2021 Honda Passport Review

In our midsize SUV rankings, the Honda Passport is in the top half. Its well-rounded performance and large cabin are enticing, but its infotainment controls are fussy. The 2021 Honda Passport is best described as a Honda Pilot minus the third row of seats. Read on the following 2021 Honda Passport review to learn more about this car.

2021 Honda Passport Review


Sport : $33,965
EX-L : $37,985
Touring : $40,855
Elite : $45,355

Because it’s fairly priced and has options like leather upholstery, a sunroof, and a big touchscreen with smartphone-mirroring ability, the Passport EX-L is our pick for best value. All-wheel drive is an extra $2000.


2021 Honda Passport review

The 2021 Passport differs from the long, tapering three-row Pilot with a meaner grille and a stubby tail. It’s attractive, but not revolutionary.

The Passport is huge for its objective, measuring around 190 inches from nose to tail, and Honda uses various aesthetic tactics to make it look shorter and different than the Pilot. The front end features an unpainted chin that looks like beard growth after three days. The Passport cuts its own outline with a deep slash at the tail that joins the roof and fenders, yet the Pilot family resemblance is evident from the side. When you add the roof rack, which comes standard on all bar the Sport variant, the Passport takes on robust, all-terrain design without falling into SUV stereotypes.

The interior of the Passport is virtually identical to that of the Pilot. It’s fine: it’s a well-organized work environment with a low, open feel and a large, deep central console. The Passport’s dinky 5.0-inch audio display can’t hold a candle to the regular 8.0-inch screens seen in cheaper rivals—or the Passport EX-L, for that matter—and there’s a lot of gloomy and black trim that could use some relief.


2021 Honda Passport review: performance

The Passport is the most daring member of the Passport family, which also includes the Pilot, Ridgeline pickup, and Odyssey minivan. This translates to a vehicle that is simple to operate and does not include complicated off-road technologies that may or may not be used. Leave that to the Broncos and 4Runners of the world; the Passport is only interested in getting you to the edge of the wilderness.

The 280-hp 3.5-liter V-6 engine, as well as the 9-speed automated transmission, are borrowed from their siblings. The engine is powerful and sounds fantastic, but the 9-speed transmission is a little sluggish at times. The transmission’s pushbutton gear selector takes up console space, and it frequently hesitates in lower gears when deciding which to choose next. The 10-speed automatic transmission in the Odyssey could be the answer.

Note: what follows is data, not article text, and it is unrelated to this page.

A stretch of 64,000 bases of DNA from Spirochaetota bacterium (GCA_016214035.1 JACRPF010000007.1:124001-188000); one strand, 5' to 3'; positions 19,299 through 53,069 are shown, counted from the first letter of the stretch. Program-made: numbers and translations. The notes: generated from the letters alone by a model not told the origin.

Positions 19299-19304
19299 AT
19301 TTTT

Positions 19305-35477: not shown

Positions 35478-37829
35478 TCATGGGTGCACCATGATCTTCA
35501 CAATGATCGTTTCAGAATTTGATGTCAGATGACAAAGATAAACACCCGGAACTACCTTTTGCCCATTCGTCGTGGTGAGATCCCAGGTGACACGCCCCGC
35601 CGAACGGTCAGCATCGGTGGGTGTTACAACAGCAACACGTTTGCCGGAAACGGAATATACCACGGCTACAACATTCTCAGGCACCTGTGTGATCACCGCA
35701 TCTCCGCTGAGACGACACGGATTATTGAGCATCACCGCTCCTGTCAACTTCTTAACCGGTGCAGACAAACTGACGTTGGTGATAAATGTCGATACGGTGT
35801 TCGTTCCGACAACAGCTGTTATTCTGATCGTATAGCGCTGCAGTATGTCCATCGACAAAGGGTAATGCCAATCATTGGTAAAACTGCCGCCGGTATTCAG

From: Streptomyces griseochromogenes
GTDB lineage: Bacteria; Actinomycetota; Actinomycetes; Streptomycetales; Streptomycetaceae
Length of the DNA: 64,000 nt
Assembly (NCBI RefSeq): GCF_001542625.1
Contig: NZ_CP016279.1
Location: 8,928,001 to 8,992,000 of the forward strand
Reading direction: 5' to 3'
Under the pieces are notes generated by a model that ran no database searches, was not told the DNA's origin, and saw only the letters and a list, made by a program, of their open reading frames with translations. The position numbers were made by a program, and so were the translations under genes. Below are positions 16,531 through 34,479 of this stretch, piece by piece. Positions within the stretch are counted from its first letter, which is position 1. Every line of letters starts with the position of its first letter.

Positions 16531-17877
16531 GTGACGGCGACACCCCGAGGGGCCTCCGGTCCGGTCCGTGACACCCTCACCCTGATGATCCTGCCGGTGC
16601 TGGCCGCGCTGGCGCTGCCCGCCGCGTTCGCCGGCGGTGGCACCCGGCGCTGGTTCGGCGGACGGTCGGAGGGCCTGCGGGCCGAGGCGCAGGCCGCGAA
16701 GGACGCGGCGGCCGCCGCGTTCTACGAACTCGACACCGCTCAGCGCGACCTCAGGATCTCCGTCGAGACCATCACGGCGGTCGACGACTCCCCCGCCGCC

2021 Honda Passport

The standard Honda Passport receives an upgrade to its in-car electronics, earning it a 6.

The Honda Passport is available in Sport, EX-L, Touring, and Elite trim levels. The base Passport Sport with front-wheel drive costs around $30,000 and comes with cloth upholstery, 20-inch wheels, keyless entry, two USB outlets, and an 8.0-inch touchscreen with Apple CarPlay and Android Auto compatibility.

A sunroof, motorized liftgate, greater sound deadening, power-adjustable and heated front seats, roof rails, and leather upholstery are all available on the EX-L. It’s the same way we’d stamp our book, but it’ll set you back roughly $4,000 extra. Any Passport with all-wheel drive that isn’t standard, which includes the Elite, costs $2,000 more.

Fuel Economy and Real-World MPG

The Passport offers two separate EPA ratings thanks to a single engine option and front- or all-wheel drive. The front-drive vehicle is predicted to get up to 20 miles per gallon in the city and 25 miles per gallon on the highway. A Passport with all-wheel drive does somewhat worse, achieving 19 mpg in the city and 24 mpg on the interstate. We put the latter to the test on a 200-mile fuel-economy route, and it outperformed its EPA highway estimates.

Infotainment and Connectivity

A 8.0-inch touchscreen infotainment system with Apple CarPlay and Android Auto is standard on every Passport. It also contains essentials like Bluetooth and multiple power outlets. The top-tier Touring and Elite models, on the other hand, come with a 115-volt outlet, built-in navigation, an enhanced music system, a Wi-Fi hotspot, and wireless phone charging.

From this 2021 Honda Passport review, we hope that you will know outstanding features of this car and decide to buy it or not.


Related posts